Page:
4. Thanks for the good help. I was able to fine tune my opensuse with your help. I had exactly the same problem for which you have given a ready made answer. Some how had managed to get the touch pad working before i reached here. . but rest of the list was not working at all.. specially wifi.. luckily i had the same chipset as that of yours… but ofcourse with your simple steps i did it all by myself.. without any one’s help. Thanks for the good help. Thanks for the share ๐Ÿ™‚

  5. wireless broadcom should be default, installed it and now i have 5 (lol) new kernels in grub, turned on wireless after opensuse 11.3 logged in, used the Fn key. it worked…did the 1 click install for codecs..changed the http to http://ftp..that fixed the errors it gave me…i am learning and its fun..cheers…

  6. Thanks for this tip! I am a newbie switching over to using linux, got tired of windows. Anyways, I was trying to customize my settings, and I had a hard time until I cam across this site. The other issue I am having is the sound theme. How do I customize what sound byte to play when I log in and log out?

  7. Thanks for your howto! The openSuse default images are truly a bit ugly. One more thing, that would make your tutorial complete is changing the similarly unpleasant default login screen:

    1. download a different kdm login theme, e.g. suse-elegant (not to confuse with the two splash themes above)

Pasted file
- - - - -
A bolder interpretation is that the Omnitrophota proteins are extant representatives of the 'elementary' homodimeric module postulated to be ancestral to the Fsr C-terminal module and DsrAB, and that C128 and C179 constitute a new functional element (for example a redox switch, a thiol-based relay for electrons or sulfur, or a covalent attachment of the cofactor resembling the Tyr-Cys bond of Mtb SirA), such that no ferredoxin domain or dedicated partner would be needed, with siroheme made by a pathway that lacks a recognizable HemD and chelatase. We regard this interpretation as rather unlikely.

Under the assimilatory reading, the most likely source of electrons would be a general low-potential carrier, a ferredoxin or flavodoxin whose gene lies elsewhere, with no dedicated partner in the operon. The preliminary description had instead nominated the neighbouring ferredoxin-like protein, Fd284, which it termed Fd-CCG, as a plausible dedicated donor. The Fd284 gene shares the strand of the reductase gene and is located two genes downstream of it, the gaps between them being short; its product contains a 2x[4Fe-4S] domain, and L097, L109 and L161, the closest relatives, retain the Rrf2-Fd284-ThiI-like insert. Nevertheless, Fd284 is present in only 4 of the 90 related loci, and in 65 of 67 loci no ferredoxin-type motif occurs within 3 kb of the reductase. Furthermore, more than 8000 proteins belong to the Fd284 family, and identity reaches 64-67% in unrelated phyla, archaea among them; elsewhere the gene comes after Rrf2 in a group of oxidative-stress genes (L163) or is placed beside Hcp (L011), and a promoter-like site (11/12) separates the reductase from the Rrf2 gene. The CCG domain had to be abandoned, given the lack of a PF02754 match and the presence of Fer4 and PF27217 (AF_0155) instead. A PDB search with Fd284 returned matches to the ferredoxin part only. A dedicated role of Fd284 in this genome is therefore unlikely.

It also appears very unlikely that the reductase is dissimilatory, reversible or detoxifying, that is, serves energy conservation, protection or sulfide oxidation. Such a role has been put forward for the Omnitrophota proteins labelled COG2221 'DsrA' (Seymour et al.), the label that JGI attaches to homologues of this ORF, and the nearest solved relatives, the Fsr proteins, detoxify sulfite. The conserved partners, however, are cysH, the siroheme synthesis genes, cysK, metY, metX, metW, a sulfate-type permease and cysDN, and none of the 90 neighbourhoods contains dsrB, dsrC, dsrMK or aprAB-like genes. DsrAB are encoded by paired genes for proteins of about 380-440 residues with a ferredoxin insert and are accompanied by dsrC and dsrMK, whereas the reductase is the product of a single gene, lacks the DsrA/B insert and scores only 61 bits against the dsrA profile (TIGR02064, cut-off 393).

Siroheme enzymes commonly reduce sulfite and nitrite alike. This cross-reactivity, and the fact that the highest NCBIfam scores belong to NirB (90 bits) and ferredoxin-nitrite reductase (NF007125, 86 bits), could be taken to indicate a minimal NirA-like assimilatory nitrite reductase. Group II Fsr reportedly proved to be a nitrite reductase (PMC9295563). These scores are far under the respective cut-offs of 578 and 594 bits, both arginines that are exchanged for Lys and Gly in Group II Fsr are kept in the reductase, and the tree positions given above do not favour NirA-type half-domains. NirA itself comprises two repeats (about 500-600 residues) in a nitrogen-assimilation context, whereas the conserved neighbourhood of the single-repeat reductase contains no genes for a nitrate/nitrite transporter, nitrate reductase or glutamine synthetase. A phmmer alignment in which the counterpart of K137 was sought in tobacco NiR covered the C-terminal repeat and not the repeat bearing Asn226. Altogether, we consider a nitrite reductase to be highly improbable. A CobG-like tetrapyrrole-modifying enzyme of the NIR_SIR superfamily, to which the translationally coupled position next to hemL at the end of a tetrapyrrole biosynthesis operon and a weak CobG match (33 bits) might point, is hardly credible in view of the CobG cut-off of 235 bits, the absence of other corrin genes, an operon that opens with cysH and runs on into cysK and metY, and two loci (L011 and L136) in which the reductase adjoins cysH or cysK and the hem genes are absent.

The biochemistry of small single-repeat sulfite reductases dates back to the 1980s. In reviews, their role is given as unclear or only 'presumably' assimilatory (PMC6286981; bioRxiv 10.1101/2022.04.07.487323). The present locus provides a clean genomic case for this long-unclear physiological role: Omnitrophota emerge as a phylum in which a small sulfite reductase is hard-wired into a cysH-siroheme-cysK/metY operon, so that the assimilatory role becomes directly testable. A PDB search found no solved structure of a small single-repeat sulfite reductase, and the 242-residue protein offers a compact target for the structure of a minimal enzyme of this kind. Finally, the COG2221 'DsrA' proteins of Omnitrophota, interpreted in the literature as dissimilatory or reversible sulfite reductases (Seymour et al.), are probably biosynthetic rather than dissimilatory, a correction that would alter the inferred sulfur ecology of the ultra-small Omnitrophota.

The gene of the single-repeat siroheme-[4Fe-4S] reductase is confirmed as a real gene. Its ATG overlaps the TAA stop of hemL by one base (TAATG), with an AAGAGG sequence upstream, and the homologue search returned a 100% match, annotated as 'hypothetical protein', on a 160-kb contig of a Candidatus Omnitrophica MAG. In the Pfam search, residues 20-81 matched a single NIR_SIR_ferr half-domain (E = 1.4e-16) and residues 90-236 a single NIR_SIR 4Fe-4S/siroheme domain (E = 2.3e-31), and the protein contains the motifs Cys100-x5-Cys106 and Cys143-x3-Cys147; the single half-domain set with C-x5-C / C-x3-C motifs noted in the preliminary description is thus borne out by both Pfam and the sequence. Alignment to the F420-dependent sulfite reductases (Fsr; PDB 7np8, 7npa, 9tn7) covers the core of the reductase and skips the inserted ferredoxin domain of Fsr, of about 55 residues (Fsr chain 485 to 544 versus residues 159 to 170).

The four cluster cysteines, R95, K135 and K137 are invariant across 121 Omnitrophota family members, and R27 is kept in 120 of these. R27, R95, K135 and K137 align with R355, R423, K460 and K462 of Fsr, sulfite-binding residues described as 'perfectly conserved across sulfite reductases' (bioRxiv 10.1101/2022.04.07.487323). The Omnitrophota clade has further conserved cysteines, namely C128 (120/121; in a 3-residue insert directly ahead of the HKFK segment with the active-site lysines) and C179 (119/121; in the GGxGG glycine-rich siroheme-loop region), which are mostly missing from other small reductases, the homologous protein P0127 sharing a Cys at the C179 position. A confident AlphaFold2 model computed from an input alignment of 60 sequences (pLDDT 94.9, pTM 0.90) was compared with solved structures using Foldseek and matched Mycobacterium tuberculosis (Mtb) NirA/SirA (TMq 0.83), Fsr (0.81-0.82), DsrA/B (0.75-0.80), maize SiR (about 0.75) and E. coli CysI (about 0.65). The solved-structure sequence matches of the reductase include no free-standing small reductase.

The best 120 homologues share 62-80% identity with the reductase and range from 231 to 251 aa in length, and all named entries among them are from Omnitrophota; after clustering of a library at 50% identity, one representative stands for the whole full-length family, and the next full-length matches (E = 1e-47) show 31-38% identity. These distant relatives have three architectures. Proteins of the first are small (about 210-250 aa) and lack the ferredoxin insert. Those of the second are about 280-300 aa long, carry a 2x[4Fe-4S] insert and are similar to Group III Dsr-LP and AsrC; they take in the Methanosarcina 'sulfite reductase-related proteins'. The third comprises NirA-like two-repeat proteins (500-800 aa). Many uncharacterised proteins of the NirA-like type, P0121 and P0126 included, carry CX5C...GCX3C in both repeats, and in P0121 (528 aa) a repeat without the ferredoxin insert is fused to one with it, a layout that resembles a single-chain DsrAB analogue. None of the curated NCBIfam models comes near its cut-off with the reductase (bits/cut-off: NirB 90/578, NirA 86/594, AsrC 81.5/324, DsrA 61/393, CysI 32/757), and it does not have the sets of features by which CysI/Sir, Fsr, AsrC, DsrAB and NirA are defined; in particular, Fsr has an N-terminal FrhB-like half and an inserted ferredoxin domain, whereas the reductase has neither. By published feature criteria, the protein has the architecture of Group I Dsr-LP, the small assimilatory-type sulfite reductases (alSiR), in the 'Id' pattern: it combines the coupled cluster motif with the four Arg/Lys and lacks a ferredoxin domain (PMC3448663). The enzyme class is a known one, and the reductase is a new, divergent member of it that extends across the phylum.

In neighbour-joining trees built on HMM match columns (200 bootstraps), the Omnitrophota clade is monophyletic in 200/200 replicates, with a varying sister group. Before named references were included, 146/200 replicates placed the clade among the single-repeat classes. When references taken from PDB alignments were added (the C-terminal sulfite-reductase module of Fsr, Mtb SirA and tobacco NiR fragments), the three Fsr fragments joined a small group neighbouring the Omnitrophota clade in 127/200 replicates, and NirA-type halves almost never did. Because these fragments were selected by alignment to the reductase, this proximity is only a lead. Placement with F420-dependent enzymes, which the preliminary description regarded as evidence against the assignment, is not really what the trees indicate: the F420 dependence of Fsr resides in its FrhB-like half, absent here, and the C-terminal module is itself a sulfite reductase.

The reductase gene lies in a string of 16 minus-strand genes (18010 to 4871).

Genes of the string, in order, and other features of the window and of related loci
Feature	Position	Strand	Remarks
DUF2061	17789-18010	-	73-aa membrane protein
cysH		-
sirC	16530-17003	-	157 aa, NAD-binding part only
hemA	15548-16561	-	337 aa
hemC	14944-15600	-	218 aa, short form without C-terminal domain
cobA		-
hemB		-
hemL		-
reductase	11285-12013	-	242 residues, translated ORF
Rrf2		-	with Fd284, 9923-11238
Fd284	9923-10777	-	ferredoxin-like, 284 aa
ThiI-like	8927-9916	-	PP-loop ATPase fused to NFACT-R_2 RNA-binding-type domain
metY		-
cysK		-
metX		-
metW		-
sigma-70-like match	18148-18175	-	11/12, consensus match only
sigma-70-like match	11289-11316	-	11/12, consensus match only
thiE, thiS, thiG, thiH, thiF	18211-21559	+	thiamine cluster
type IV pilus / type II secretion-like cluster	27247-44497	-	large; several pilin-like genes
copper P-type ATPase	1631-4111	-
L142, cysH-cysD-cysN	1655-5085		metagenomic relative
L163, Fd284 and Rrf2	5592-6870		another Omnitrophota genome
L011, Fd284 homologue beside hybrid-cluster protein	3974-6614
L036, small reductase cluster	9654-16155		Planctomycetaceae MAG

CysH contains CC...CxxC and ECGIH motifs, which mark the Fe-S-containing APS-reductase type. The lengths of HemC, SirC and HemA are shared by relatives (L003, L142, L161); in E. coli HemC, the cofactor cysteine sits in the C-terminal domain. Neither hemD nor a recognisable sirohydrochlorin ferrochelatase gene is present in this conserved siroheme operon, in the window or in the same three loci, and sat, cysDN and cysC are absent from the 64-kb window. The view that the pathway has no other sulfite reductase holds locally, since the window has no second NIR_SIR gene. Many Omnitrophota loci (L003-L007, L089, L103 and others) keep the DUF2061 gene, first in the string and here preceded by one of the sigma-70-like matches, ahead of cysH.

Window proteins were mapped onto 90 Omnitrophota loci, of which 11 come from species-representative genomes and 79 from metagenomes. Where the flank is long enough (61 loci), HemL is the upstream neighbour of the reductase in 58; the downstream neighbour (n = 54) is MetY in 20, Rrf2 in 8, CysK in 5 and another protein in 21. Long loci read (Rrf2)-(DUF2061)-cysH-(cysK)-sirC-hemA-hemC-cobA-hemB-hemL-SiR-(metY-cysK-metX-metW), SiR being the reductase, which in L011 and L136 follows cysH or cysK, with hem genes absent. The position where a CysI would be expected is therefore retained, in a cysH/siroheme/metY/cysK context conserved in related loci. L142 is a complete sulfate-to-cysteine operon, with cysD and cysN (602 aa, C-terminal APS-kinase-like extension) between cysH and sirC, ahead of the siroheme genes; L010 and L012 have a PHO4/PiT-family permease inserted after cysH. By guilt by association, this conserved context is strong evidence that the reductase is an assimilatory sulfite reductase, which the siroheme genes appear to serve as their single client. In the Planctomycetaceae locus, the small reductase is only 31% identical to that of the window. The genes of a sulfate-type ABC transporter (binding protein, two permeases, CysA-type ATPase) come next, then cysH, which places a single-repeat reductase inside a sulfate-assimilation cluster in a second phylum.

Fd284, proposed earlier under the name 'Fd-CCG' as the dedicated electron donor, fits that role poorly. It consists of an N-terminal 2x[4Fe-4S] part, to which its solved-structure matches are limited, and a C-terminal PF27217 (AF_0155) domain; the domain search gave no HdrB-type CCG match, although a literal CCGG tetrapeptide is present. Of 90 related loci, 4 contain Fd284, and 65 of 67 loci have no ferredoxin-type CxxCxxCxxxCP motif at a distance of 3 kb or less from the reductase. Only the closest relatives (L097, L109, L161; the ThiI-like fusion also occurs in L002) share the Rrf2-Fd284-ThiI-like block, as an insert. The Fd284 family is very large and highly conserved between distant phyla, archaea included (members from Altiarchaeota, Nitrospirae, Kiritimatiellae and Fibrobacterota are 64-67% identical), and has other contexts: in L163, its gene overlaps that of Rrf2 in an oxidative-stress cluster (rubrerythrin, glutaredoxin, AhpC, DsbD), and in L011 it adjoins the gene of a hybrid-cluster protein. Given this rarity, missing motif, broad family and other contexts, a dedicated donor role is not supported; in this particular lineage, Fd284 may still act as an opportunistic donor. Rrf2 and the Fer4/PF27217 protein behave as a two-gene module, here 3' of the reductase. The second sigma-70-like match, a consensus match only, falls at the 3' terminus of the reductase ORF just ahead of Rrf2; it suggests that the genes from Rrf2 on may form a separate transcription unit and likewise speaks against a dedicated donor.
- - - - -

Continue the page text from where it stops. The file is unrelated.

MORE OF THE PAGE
2. unpack and then copy in proper place
    tar -xvf suse-elegant.tar.gz
    su cp -r suse-elegant /usr/share/kde4/apps/kdm/themes/

    3. open YaST -> /etc/sysconfig Editor
    browse to Desktop -> Display manager
    and type suse-elegant into the field (default: SUSE)

    One additional comment to your item 7. Bootloader howto:
    the jpg image will need to be 800×600 pixels, so if you want the SuSE-Elegant screen to appear you will have to rescale one of the images in /etc/bootsplash/themes/SuSE-Elegant/images/ and make it “back.jpg”.
    (Or edit temp/foo/gfxboot.cfg and allow for a larger boot screen, but I have not succeeded on that one – maybe someone else?)

    1. Thanks for these notes ๐Ÿ™‚
      I usually never felt the need for kdm themes because I hibernate my system, and so i don’t usually see the login screen! ๐Ÿ™‚ Thanks again..